What is a pain management doctor? What are the signs that you should make an appointment to see one?

If you have sore joints or chronic pain, you’re not alone. At least 20% of adults in the US experience chronic pain on a daily basis.

From degenerative conditions like arthritis to old sports injuries that just never heal, pain can disrupt your daily activities.

You don’t have to suffer in silence, however, as there is plenty of help for chronic pain patients available. Pain doctors are here to help!

But what is a pain management doctor, and what can they do to improve your quality of life?

What Is a Pain Management Doctor?

A pain management doctor isn’t a physician who’ll diagnose why you’re experiencing pain. Instead, their job is to help you manage the pain you’re suffering, whether it’s a temporary or lifelong condition.

Pain management physicians have a broad understanding of the impact of pain on your daily life. They recognize that it’s not just the physical pain that causes a problem. Pain impacts sleep, mood, your ability to work and feel self-worth, and your relationships.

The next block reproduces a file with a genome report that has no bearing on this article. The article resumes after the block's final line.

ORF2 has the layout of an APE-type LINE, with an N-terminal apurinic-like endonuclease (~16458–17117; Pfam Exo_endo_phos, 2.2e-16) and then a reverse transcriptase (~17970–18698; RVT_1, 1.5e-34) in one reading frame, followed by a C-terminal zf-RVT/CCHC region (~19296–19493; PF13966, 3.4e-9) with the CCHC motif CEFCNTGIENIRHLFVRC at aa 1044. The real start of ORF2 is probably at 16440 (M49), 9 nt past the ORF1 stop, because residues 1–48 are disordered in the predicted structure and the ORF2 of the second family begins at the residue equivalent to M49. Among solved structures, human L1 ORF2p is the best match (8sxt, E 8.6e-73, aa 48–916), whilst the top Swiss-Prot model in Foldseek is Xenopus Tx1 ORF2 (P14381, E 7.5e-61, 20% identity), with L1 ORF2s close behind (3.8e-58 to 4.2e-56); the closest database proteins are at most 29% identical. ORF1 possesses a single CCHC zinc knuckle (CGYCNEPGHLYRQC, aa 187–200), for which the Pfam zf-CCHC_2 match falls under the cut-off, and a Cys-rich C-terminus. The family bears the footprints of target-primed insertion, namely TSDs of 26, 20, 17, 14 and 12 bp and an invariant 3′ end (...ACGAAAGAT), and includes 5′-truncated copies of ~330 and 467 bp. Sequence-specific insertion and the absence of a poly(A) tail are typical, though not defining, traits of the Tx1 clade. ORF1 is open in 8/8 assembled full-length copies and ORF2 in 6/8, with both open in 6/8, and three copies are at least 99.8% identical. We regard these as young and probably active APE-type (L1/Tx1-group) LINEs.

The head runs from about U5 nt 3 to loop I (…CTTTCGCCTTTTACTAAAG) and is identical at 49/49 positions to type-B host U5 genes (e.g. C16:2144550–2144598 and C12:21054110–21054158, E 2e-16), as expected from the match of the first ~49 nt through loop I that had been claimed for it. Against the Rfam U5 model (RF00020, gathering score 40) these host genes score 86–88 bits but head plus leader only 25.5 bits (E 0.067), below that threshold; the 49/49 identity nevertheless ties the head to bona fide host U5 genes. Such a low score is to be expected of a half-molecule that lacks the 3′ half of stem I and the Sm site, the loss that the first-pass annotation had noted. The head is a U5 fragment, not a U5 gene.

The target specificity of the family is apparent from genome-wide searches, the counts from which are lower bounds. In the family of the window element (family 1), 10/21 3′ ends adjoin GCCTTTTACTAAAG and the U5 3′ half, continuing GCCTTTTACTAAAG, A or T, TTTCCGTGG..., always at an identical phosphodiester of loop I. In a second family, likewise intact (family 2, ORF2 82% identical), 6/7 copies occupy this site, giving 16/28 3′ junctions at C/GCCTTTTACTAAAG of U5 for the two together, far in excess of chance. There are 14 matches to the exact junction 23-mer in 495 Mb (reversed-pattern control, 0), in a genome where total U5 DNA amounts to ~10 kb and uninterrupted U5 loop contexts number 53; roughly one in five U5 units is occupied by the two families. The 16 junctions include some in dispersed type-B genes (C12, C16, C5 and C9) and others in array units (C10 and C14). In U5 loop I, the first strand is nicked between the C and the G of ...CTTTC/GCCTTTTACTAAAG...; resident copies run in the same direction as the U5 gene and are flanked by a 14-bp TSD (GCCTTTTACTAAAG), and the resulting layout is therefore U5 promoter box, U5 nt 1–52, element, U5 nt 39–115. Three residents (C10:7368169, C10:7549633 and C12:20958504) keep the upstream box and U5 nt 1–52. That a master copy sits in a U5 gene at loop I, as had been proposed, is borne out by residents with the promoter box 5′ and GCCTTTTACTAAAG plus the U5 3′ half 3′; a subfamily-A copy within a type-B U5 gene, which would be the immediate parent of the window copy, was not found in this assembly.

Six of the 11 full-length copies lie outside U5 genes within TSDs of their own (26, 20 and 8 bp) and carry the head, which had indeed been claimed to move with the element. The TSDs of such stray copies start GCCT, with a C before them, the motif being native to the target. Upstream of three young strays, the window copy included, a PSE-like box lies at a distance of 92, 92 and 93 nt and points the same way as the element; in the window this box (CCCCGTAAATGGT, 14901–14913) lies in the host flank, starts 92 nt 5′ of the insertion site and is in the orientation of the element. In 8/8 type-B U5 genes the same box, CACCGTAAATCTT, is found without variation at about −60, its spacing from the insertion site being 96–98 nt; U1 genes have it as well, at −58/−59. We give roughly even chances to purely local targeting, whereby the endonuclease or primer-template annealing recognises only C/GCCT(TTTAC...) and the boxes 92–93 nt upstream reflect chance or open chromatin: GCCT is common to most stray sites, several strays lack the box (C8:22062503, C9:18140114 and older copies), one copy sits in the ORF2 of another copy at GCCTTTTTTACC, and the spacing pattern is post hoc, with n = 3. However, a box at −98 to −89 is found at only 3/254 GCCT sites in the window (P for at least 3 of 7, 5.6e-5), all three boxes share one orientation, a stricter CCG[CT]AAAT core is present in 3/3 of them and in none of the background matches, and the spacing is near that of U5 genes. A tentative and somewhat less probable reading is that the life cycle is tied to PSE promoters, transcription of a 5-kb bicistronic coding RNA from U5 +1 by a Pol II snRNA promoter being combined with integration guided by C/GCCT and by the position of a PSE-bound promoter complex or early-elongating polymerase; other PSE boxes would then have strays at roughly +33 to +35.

They’ll help you to find ways to manage your pain but will also know how to spot related problems that may need additional help, too. For example, many pain patients become depressed. Some family doctors put this down to feeling pain, but pain specialists understand it can actually worsen your experience of chronic pain.

In this example, a pain specialist would help you to access treatment to improve your mood. This, in turn, can reduce your experience of pain as your mood improves.

What Conditions Does a Pain Management Doctor Treat?

Pain specialists treat a wide range of pain conditions. It doesn’t matter whether you’re recovering from a surgery, healing from a sports injury, or have a musculoskeletal disorder causing your pain. Every form of pain is valid to these specialists.

A pain consultant understands that pain is a different experience for every individual. Their specialist knowledge in pain management is what sets them apart from your rheumatologist, physiotherapist, or surgeon, whose job is to treat your condition rather than your pain.

Some pain doctors specialize in certain conditions to deliver a truly expert service. You may come across pain specialists for arthritis, back injuries, addiction-related pain, or cancer pain.

If your chronic pain is disrupting your daily activities and enjoyment of life, it’s time to make an appointment with a pain specialist.

Tips to Reduce Chronic Pain While You Wait to See a Pain Consultant

There is a huge demand for pain consultants, so it’s likely you’ll have to wait a while before you get to see one.

There are ways you can reduce your pain while you wait for your appointment date to roll around. Try these tips to start managing your chronic pain at home.

Get Plenty of Rest

People want to push through the pain they experience for a number of reasons. Maybe they don’t want to look weak, don’t want to miss out on activities, or simply don’t have time to put their feet up.